Israeli polls: Netanyahu’s Likud narrows gap with Gantz

Israeli Prime Minister Benjamin Netanyahu speaks during a press conference at the Sheba Tel-HaShomer Medical Centre, in Ramat Gan. PHOTO: REUTERS

Israeli Prime Minister Benjamin Netanyahu‘s right-wing Likud party has reduced the gap behind the centrist party of former minister Benny Gantz, who quit the wartime unity government on Sunday, two polls showed on Friday.

The polls, for the left-wing Ma’ariv daily and the right-wing Israel Hayom newspaper, showed Likud winning 21 seats behind the National Unity Party on 24. The Ma’ariv poll last week showed Gantz’s party on 27 seats, while at the start of the year, it was regularly polling in the high 30s.

The Ma’ariv poll shows the current ruling coalition winning 52 seats in the 120-seat Knesset, against 58 for the main opposition parties, with the balance of 10 seats held by the United Arab List and the left-wing Hadash-Ta’al alliance.

The Israel Hayom poll put the coalition on 50 seats against 61 for the opposition parties and 9 for the UAL and Hadash-Ta’al.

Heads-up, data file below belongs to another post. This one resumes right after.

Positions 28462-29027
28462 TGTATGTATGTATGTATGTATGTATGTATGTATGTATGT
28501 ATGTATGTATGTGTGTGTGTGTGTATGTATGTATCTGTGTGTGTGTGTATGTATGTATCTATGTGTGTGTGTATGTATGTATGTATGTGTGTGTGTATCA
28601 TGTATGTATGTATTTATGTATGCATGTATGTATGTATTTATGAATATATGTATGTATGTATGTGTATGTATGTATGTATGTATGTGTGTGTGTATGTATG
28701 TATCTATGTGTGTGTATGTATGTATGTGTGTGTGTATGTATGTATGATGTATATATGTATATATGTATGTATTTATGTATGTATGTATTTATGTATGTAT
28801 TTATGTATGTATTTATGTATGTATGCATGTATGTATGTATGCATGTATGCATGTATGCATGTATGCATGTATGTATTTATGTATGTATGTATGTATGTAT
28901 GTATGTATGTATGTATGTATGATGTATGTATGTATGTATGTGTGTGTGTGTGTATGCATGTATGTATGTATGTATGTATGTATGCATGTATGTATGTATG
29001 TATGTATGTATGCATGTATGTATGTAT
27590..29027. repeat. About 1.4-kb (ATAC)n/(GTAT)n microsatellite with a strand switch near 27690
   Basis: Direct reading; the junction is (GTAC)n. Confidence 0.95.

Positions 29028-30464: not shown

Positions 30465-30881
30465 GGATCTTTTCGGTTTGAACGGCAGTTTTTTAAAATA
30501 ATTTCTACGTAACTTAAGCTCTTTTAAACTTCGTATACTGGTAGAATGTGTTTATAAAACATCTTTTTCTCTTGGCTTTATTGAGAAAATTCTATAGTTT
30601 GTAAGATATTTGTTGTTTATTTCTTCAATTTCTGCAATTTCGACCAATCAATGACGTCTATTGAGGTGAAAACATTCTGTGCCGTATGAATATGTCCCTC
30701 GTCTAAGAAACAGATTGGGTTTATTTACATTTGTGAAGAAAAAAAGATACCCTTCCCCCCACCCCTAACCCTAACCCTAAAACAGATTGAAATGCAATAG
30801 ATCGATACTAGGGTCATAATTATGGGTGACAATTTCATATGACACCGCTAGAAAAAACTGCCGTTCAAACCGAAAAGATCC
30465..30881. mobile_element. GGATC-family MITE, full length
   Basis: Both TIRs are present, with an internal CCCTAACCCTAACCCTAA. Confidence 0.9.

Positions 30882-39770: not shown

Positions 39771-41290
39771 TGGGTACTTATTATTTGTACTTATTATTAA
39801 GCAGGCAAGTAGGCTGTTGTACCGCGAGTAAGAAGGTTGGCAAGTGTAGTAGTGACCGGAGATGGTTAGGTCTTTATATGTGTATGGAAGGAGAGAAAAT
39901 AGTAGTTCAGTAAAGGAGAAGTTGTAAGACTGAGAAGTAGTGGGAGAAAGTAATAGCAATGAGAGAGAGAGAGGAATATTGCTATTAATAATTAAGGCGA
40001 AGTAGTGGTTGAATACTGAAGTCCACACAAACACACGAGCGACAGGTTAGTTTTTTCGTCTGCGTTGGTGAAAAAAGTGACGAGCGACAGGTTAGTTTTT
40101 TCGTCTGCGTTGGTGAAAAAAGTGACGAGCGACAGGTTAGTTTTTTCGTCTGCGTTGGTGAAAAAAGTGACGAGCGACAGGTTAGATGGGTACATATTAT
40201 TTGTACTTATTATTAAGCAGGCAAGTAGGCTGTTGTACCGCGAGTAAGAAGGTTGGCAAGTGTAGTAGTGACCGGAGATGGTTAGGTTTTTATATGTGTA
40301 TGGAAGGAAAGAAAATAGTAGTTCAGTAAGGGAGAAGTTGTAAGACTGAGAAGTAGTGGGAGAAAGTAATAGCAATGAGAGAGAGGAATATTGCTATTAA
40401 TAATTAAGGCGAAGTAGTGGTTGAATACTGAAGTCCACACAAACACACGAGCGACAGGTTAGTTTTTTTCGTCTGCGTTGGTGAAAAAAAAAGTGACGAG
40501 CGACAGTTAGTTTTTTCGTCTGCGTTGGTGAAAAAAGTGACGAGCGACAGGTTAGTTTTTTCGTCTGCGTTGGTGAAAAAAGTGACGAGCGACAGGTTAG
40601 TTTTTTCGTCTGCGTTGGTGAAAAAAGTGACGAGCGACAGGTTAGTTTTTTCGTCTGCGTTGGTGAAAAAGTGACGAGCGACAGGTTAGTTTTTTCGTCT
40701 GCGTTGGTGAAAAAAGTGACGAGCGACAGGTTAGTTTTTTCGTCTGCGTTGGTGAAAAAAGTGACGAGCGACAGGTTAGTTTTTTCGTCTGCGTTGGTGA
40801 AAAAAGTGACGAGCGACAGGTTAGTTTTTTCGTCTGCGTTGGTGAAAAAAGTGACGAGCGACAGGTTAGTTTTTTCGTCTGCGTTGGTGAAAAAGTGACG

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Both polls showed a majority of voters would prefer Gantz as prime minister in a head-to-head choice with Netanyahu. However, the Israel Hayom poll showed that if former prime minister Naftali Bennett were to join forces with Avigdor Liberman and Gideon Saar, two other centre-right politicians from outside the Likud camp, their alliance could beat both Likud and Gantz’s National Unity Party.

Gantz, a former army general and defence minister in the last government, joined Netanyahu’s coalition last year as a gesture of national unity following the devastating attack by Hamas on Oct 7.

However, he clashed repeatedly with other ministers and quit the government after demanding Netanyahu articulate a clear strategic plan for the war in Gaza, now in its ninth month.

Netanyahu, who was widely blamed for the security failures that allowed the Oct. 7 attack to take place, has refused to call early elections and would not normally face voters until 2026 if his coalition with a clutch of religious and right-winger-settler parties holds.